The beneficial effect of Al on growth of plants adapted to low pH soils was ascribed to increased uptake of nutrients by roots (Osaki et al, 1997). Similarly, Al tolerance in Eucalyptus was explained by the maintenance of nutrients and photosynthesis (Silva et al, 2010, 2017). Another study found that a new low-molecular-weight Al-binding ligand, oenothein b, from roots contributed to Al tolerance in E. camaldulensis (Tahara et al., 2008, 2017), encouraging further exploration to find other mechanisms that help fast-growing Eucalyptus clones to manage excessive soluble Al in acidic soil. Thus, further work is necessary for a wider understanding of other factors that might be responsible for Al tolerance in hybrid Eucalyptus clones and how associated molecular mechanisms might be activated through hybridization.
3.3 The effects of Al on enzyme activities involved in the root metabolism of citrate and malate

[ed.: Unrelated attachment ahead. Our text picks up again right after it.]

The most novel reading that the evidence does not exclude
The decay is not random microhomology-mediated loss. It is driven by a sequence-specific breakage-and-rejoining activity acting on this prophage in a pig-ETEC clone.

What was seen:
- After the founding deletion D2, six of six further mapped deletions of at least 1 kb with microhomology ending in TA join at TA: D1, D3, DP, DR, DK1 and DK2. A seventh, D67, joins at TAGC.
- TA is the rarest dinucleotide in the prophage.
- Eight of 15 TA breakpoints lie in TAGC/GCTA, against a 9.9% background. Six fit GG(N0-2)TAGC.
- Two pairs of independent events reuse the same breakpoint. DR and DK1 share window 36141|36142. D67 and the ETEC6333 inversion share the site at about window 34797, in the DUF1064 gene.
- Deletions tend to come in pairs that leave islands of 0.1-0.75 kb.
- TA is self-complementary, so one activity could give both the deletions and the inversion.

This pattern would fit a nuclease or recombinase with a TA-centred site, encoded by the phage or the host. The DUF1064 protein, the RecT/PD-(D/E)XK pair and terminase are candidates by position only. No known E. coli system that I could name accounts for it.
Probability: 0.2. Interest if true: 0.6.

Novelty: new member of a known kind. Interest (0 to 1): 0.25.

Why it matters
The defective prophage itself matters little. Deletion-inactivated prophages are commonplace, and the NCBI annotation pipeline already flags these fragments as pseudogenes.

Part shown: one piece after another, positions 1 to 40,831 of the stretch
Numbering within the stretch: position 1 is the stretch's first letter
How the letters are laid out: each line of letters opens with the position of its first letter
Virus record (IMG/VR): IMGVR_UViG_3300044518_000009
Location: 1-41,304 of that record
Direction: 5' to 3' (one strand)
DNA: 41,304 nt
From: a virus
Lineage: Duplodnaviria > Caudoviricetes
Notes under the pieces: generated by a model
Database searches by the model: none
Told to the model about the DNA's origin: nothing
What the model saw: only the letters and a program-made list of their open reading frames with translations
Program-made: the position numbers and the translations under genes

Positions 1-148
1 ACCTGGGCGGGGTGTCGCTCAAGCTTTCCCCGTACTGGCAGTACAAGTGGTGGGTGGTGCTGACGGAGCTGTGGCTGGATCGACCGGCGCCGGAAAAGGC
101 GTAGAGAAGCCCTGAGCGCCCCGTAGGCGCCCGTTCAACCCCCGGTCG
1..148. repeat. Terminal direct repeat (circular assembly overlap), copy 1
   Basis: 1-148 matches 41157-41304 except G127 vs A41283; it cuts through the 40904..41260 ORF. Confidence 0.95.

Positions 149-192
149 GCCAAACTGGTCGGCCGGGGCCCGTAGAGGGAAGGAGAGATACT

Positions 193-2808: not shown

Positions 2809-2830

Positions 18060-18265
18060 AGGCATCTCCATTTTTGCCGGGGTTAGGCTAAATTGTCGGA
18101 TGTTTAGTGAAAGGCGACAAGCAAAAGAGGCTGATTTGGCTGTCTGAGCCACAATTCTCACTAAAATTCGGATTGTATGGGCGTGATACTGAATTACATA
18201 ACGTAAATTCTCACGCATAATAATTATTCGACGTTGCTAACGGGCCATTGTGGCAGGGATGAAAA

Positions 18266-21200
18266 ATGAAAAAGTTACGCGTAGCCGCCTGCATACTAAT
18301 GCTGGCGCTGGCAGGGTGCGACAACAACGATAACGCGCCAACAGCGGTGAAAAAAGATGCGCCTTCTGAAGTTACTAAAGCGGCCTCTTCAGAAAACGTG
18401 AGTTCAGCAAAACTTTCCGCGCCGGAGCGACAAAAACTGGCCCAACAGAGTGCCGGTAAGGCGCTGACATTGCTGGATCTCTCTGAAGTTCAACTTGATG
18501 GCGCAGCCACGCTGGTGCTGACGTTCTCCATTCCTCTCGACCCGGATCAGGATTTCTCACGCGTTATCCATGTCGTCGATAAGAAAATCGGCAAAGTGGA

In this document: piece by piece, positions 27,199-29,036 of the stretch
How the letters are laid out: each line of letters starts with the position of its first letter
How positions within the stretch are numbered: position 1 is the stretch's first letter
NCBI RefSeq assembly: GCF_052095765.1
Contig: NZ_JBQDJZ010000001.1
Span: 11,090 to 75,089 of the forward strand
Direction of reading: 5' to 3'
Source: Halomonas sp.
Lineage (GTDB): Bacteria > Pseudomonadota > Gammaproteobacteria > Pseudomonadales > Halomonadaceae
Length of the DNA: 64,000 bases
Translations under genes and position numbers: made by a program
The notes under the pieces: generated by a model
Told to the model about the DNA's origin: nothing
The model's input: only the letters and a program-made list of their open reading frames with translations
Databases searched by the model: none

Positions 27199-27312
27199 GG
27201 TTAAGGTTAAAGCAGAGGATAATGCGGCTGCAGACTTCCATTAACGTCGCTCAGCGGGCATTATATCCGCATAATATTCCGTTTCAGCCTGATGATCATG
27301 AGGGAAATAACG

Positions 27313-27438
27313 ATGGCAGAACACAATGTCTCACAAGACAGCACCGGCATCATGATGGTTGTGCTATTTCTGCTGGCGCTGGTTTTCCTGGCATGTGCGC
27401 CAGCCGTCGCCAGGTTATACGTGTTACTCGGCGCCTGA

The Al-induced decrease in root internal malate concentration in response to the increase in malate secretion in W4 contrasted with the increase in both internal root concentration and secretion of malate in G9. This contrast suggested that there could be another factor involved in the regulation of malate secretion. As in other plants, the secretion and accumulation of citrate and malate in Eucalyptus were closely linked with changes in the activities of several enzymes involved in organic acid metabolism. We observed that in both clones CS and PEPC activities were markedly induced by Al, while ME activity significantly decreased. In G9, ACO and MDH activities were dramatically decreased in the presence of Al, while IDH activity was unaffected. In contrast, in W4, ACO and IDH activities were significantly increased by Al exposure, while MDH activity was unchanged. Apparently, the accumulation and secretion of citrate in G9 was achieved by stimulating CS activity and suppressing citrate catabolism. Citrate accumulation in G9 may have been supported by decreased flux through ACO. Previous studies also found increased CS activity and decreased ACO activity were linked with accumulation and secretion of citrate from roots of Al-tolerant species, such as rye (Li et al., 2000), Paraserianthes facataria (Osawa and Kojima, 2006), and soybean (Xu et al., 2010). However, Ikka et al. (2013) reported that the Al-induced increase in citrate concentration in roots of E. camaldulensis was not caused by a change in CS activity, but only by reduced ACO activity to suppress citrate catabolism. The increased activity of PEPC in both clones upon exposure to Al may contribute to the increased biosynthesis of organic acids by feeding oxaloacetate carbon skeletons into the TCA cycle (Dong et al., 2004). In G9, the apparent synergistic effect of PEPC and CS on the synthesis of citrate was greater than that of other enzymes, such as ACO and IDH, on citrate catabolism, resulting in the production and secretion of more citrate. In the case of W4, the increased ME activity may have been responsible for the lower malate accumulation in this clone. Both PG and CHM seemed likely to enhance the activity of enzymes that were beneficial to citrate synthesis and decreased the activity of enzymes that metabolized citrate. The Al-induced synthesis or catabolism of citrate and malate was regulated by the balance among the various organic acid-metabolizing enzymes, which served to produce differential secretion of these two organic acids in Eucalyptus clones differing in their Al tolerance.